In another study reported at the meeting, the EGFR receptor-tyrosine kinase inhibitor (EGFR-TKI) AZD9291 crossed the blood-brain barrier and showed clinical activity in heavily pretreated NSCLC patients with leptomeningeal disease.
Dae Ho Lee, MD, PhD, Associate Professor in the Department of Oncology in the University of Ulsan College of Medicine and Asan Medical Center in Korea, reported the data for the Phase I BLOOM trial.
“Leptomeningeal disease at initial diagnosis of NSCLC is rare; however, as their lung cancer progresses, up to 15 percent of patients will develop this devastating complication. Additionally, an increased risk of central nervous system [CNS] involvement has been reported among patients with EGFR-mutant NSCLC—in particular, those treated with a first-generation EGFR-TKI,” he said.
“Patients with EGFR-mutated NSCLC and leptomeningeal disease have an average survival of seven to 11 months, and currently there is no established effective treatment for this condition.
“Preclinical studies and anecdotal patient reports have indicated that AZD9291, an oral EGFR-TKI that selectively acts against lung tumors driven by specific mutations in the EGFR gene, including the T790M resistance mutation, crosses the blood-brain barrier that usually prevents drugs from having an effect in the brain, and had activity against brain tumors with EGFR mutations,” Lee explained.
Based on the preclinical evidence and anecdotal reports of activity in brain metastases, the decision was made to study AZD9291 in NSCLC patients with leptomeningeal disease or brain metastases.
Of the 13 heavily pretreated EGFR-mutant NSCLC patients enrolled, 10 had received other EGFR-TKIs as prior therapies, and seven had received radiotherapy to the brain. Four patients had T790M-positive disease detected in their plasma, and two had DNA with the T790M mutation detected in their cerebrospinal fluid (CSF). All patients received 160 mg of AZD9291 once daily until disease progression. Treatment beyond progression was allowed at the discretion of the investigator.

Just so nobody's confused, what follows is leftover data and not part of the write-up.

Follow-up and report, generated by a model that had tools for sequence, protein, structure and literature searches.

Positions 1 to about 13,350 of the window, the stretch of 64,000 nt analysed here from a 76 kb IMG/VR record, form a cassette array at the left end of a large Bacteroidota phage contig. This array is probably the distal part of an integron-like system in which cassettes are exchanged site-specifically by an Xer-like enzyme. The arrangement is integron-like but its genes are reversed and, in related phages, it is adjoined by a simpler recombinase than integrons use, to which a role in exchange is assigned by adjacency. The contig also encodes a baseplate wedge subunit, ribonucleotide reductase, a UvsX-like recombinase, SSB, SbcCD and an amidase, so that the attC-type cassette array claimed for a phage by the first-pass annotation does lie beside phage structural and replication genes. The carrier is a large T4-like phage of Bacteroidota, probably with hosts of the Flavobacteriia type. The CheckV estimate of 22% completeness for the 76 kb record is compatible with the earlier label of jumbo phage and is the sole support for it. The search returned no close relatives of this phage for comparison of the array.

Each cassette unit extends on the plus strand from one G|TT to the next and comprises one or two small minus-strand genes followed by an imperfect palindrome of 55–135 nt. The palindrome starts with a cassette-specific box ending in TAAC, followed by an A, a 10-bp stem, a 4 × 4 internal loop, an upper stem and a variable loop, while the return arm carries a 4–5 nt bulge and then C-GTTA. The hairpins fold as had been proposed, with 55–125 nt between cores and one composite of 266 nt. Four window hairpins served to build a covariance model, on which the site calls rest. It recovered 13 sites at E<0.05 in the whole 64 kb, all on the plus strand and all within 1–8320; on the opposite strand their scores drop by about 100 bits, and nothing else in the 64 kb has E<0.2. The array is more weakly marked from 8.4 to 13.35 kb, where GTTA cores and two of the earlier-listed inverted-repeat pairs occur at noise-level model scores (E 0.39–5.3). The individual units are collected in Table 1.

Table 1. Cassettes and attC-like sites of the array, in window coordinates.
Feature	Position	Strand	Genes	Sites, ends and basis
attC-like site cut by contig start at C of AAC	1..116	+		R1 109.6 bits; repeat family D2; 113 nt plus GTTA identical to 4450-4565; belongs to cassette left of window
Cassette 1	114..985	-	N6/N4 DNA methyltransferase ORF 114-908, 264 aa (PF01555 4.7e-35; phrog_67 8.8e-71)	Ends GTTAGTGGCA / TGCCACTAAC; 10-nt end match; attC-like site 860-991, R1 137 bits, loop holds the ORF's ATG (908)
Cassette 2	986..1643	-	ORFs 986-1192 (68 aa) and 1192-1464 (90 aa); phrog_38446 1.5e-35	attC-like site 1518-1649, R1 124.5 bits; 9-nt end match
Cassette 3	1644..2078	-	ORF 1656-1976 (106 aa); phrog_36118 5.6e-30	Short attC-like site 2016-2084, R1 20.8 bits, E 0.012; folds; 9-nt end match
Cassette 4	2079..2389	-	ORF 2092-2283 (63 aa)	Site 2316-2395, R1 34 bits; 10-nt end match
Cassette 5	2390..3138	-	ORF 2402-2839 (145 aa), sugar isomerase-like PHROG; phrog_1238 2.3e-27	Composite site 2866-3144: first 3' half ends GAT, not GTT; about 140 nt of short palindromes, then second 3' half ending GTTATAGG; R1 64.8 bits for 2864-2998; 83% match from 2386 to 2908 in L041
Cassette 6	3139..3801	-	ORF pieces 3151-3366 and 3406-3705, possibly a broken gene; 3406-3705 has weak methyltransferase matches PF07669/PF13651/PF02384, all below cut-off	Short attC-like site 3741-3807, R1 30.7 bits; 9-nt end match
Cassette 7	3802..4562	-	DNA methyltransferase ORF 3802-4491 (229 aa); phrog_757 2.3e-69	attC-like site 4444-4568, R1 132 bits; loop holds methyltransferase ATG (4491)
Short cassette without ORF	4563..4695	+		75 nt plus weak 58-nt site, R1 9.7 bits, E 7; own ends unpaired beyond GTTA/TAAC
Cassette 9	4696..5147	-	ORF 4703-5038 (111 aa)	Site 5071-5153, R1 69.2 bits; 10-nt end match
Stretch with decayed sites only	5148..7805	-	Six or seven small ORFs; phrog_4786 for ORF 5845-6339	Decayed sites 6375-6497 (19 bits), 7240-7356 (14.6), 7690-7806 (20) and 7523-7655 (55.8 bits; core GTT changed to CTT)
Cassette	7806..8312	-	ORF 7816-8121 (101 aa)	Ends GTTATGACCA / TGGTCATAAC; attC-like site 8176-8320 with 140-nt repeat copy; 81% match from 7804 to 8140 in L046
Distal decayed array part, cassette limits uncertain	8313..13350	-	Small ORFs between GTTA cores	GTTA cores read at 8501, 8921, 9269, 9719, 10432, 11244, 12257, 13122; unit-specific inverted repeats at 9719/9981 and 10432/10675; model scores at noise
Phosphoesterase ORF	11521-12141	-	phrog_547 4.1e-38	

“There is no standardized way to measure the response of leptomeningeal disease to therapy, but a combination of clearing cancer cells from the fluid surrounding the brain—i.e., CSF cytology—changes on brain MRI imaging, and improvement in neurologic symptoms is likely to be the best composite endpoint to assess clinical benefit,” Lee noted.
As of the time of his report in October, 11 patients were evaluable for response. Of these, six had improvements in brain imaging and three of seven patients with abnormal neurological exams at baseline had symptomatic improvement, as judged by the investigator. One patient had confirmed clearance and four patients had unconfirmed clearance of cancer cells from the CSF.
Eight of nine patients from whom pre- and post-treatment CSF samples were available had a decrease in EGFR-mutant DNA, with the decrease more than 50 percent in five of them, Lee reported, adding that the adverse events were consistent with those published previously.
“Our results show that AZD9291 is a well-tolerated compound in this difficult-to-treat setting, and demonstrated that it crosses the blood-brain barrier.
Although preliminary, these results show encouraging activity and a manageable safety profile in a patient population with few treatment options. The results support further investigation of AZD9291 in central nervous system disease,” Lee said.
The study was funded by AstraZeneca, and Lee disclosed being an advisory board member of BMS Korea, Boehringer Ingelheim Korea, and Pfizer Korea, and receiving lecture fees from AstraZeneca, Ely Lilly, MSD, and Roche.